The similarity between Tusken Guides and the bards of interstellar legend are only superficial, however, for though they can interact with non-Tusken, Guides have little empathy with them, and in place of the easy charm of the bards of old they maintain a rigid discipline, the better to prevent their natural scorn for the trappings of civilized life from showing itself. They are neither educated nor naturally suited to the sophistication of Tatooine’s human or Jawa societies; rather, they restrain their natural temper while in the company of such people, and do their best to mimic their ways. This barely-restrained scorn for the softness of non-Tusken often manifests itself in ways that cause the Guide trouble, and of course like all Tusken the Guide must be able to defend itself and act decisively in any physical situation; for this reason the Guide remains a formidable fighter and an imposing physical presence, at least while not amongst its tribemates.

Career Details

Career Attributes: Strength, Willpower

Career Skills: Athletics, Coordination, Weapon Skill, Discipline, Charm

Talent Slots: Focus x2

Career Talent: Dilettante (once per session can use any skill as if it were trained, or employ an advanced skill as if it had been acquired)

Force User: No. Tusken have antibodies to mitachloreans[1], so no Tusken can use the Force.

Notes

I rolled up a character class that has a kind of jack-of-all trades talent but a strong physical/combat focus, and one career skill – charm – that really doesn’t fit the career abilities. Had I rolled a different career talent the two Focus slots would have suggested some kind of monk or ascetic character, but the dilettante doesn’t fit with that. What kind of character is a combat-focussed jack-of-all-trades? A pirate, some kind of bounty hunter, or perhaps a representative of a savage race. Had I rolled up Agility instead of Strength I would have chosen, perhaps, to make this PC a Jawa trader.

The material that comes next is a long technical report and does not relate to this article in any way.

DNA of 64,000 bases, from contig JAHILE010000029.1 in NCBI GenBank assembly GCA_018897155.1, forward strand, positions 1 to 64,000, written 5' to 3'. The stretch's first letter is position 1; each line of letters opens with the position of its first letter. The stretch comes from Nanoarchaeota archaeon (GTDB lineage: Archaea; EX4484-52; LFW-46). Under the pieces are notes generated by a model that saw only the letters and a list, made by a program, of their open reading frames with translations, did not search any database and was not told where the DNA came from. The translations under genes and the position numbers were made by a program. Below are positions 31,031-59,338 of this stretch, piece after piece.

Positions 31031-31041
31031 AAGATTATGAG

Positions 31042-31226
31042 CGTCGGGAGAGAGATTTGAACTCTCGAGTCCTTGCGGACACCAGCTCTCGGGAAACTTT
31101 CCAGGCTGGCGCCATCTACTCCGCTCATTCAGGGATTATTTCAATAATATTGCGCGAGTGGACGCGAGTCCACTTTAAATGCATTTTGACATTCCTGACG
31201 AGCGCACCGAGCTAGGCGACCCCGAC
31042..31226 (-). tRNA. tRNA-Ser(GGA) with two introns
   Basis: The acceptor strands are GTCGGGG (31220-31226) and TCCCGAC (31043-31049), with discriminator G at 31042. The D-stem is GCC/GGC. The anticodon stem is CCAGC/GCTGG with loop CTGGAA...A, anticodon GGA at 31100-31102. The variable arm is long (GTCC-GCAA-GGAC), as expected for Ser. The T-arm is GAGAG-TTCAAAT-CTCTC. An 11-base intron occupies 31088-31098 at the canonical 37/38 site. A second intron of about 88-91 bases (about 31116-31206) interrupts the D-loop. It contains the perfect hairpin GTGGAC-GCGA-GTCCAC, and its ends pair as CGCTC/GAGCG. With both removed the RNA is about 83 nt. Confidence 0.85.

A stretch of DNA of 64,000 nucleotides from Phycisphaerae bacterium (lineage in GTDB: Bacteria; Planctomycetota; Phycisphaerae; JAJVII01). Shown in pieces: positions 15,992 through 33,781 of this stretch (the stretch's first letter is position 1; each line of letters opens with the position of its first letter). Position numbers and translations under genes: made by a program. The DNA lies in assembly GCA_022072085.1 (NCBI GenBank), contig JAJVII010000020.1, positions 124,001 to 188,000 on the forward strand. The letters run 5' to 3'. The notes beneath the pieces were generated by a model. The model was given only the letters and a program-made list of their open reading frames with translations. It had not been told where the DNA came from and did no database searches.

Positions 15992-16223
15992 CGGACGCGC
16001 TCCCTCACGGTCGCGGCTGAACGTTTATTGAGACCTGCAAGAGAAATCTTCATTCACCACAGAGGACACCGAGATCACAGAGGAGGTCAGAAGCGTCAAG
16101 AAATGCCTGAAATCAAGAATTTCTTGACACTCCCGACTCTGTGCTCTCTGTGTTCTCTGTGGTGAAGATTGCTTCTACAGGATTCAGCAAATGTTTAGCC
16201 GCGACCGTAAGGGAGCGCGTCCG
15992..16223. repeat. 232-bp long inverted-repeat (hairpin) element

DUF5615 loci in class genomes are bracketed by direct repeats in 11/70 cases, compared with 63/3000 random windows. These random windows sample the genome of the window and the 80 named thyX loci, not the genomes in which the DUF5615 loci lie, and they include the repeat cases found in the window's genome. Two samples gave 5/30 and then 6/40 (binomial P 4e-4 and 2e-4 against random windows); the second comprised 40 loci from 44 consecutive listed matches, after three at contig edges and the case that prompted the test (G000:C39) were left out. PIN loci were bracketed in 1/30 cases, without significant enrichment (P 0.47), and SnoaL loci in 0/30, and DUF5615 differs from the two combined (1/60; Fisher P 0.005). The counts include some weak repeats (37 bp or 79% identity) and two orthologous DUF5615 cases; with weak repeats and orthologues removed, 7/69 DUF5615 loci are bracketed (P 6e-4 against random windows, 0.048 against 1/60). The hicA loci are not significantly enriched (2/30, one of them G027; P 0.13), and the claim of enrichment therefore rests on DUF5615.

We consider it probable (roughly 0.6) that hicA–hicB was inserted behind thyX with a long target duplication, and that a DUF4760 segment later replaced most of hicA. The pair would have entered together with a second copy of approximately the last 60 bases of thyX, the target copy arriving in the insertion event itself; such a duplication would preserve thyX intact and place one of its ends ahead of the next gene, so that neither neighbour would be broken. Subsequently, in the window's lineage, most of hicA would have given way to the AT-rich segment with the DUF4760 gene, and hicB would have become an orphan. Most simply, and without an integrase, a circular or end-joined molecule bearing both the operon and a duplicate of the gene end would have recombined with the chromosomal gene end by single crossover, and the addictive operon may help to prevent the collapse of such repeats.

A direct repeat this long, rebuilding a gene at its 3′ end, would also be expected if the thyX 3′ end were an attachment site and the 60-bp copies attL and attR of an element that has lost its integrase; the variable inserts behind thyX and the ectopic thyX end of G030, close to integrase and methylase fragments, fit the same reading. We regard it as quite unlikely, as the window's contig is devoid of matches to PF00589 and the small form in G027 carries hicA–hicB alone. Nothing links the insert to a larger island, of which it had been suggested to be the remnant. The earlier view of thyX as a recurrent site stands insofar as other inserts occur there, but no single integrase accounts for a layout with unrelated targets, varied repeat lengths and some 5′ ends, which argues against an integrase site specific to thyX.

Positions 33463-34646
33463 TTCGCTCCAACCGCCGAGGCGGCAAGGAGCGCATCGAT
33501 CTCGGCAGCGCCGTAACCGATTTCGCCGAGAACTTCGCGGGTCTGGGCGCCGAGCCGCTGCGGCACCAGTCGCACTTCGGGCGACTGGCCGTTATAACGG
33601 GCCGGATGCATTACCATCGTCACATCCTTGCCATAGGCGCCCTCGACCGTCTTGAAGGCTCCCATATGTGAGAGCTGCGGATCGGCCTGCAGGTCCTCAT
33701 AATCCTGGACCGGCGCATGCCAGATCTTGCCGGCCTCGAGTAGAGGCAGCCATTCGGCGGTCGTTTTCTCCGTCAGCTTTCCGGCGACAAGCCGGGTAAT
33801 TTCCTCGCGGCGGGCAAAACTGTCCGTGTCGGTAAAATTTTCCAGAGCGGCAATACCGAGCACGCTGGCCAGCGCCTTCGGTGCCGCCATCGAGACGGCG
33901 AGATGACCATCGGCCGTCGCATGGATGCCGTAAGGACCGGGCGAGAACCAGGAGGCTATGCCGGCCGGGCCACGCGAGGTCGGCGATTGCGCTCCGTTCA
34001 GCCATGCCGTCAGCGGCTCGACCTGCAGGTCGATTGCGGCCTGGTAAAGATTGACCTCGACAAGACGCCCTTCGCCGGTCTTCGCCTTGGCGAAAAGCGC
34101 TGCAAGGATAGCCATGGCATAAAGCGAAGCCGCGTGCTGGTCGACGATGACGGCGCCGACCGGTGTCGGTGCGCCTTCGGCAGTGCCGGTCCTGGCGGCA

Of course the description here doesn’t have to represent a class at all, but could just be a unique character. Then instead of representing this as a caste of Tusken, I could turn it into a famous Tusken outsider, that has taken it upon itself to act as a social bridge between the tribes and the humans on Tatooine. The jack-of-all-trades element could even mean that the Tusken PC is to be found off-world when the adventure starts.

From this point character development would begin, with the assignment of ability scores, etc. I would be treating Fellowship as a dump stat, so even though the PC has charm skill they remain pretty poor at charming people. I wouldn’t be loading up on social or support action cards either…

fn1: haha, mitachloreans…